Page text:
Article Summary by Rosemary J Jolly
I use the Humanities to expose how we conceive of the human as a construction that can be changed. I counter Enlightenment Man, the basic ‘unit’ of Western medicine, with the African humanism of Es’kia Mphahlele. Mpahlele describes humans as needing to live with, rather than exploiting, non-human animals and humans that are considered less-than-human. This “living with” is illustrated by a South African HIV/AIDS novel called The Reactive, written by Masande Ntshanga.
What does decolonization have to do with concepts of the human and pandemics? The idea of the Western Human sees humans as commanding their environment. This Human considers land acquisition and slave or cheap labour to develop it, crucial. Colonial capitalism increases the interface between human and non-human, wild animals in contexts in which the gaps between rich and poor are vast: A context that drives pandemic ecologies. The idea that the poor can ‘catch up’ with the wealthy is a fiction, too: we would need, for example, 5.1 more worlds in everyone lived like the average American citizen. None of this is sustainable. The way we live is itself the sickness.
While there has been heaps of discussion about decolonizing Global health, very few have described what this looks like in the clinical encounter. The techniques I propose move that encounter away from resembling a confessional, in which the patient is constantly obliged to ‘own up’ to poor living conditions that are the result of colonial capitalist violence that they can do nothing about. I show how flows of information can be reversed from global South to global North. This can only happen if the North develops a listening skill that is also a form of waiting-with communities in need; that is, a waiting-with that includes western-trained healers listening, as in learning from, communities that fall outside the norms of the Western Human.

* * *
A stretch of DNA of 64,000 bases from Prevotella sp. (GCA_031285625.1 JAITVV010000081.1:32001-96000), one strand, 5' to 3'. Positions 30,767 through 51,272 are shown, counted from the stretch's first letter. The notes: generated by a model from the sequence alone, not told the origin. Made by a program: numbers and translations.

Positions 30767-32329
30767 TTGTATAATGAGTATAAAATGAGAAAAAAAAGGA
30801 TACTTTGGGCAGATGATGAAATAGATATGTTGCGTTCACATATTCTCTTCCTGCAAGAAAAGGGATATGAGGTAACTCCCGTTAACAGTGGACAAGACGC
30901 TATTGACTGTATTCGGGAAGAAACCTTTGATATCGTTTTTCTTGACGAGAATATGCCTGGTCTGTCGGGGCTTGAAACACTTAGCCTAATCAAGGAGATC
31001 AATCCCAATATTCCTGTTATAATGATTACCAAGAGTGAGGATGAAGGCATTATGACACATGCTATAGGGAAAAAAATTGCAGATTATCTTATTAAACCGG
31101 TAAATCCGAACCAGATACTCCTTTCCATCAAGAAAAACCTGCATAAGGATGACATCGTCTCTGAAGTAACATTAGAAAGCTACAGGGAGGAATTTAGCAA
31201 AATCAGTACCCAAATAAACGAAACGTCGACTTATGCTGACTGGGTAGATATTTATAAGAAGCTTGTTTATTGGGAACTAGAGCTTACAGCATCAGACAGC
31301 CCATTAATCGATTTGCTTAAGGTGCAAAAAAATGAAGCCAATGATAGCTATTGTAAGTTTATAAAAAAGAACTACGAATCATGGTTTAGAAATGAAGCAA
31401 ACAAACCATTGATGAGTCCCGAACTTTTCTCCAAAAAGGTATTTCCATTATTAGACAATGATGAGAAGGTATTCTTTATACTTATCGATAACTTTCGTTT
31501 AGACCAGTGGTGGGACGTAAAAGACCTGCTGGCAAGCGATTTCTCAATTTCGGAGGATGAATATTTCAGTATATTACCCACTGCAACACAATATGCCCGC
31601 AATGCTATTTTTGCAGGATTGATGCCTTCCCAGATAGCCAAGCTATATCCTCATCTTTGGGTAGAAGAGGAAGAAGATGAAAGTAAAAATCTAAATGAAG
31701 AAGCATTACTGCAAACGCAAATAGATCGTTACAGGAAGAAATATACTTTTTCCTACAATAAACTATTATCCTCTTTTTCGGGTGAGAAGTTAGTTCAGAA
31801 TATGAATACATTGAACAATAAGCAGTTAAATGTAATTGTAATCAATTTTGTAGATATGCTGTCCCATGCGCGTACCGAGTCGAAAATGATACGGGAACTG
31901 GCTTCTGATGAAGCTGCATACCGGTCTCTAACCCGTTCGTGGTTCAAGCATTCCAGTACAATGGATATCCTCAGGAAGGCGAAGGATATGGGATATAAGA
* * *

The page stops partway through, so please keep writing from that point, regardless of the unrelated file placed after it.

If you want to see where some folks in the seventies donated a piece of heart transplant equipment to that couldn’t be used – and where I lived for three years as a kid – take a look at this photo of the St James Mission Hospital.
The flat area in front of the hospital is the airstrip. In the forefront are the huts that used to be used for pregnant mothers who lived so far away they came to live in those huts communally for the last weeks of pregnancy. One baby did ‘land’ on the airstrip when his mother left crossing it to get to the hospital for the last moment. He was named Sefofane (Sotho): Aeroplane!
Read the full article on the Medical Humanities journal website.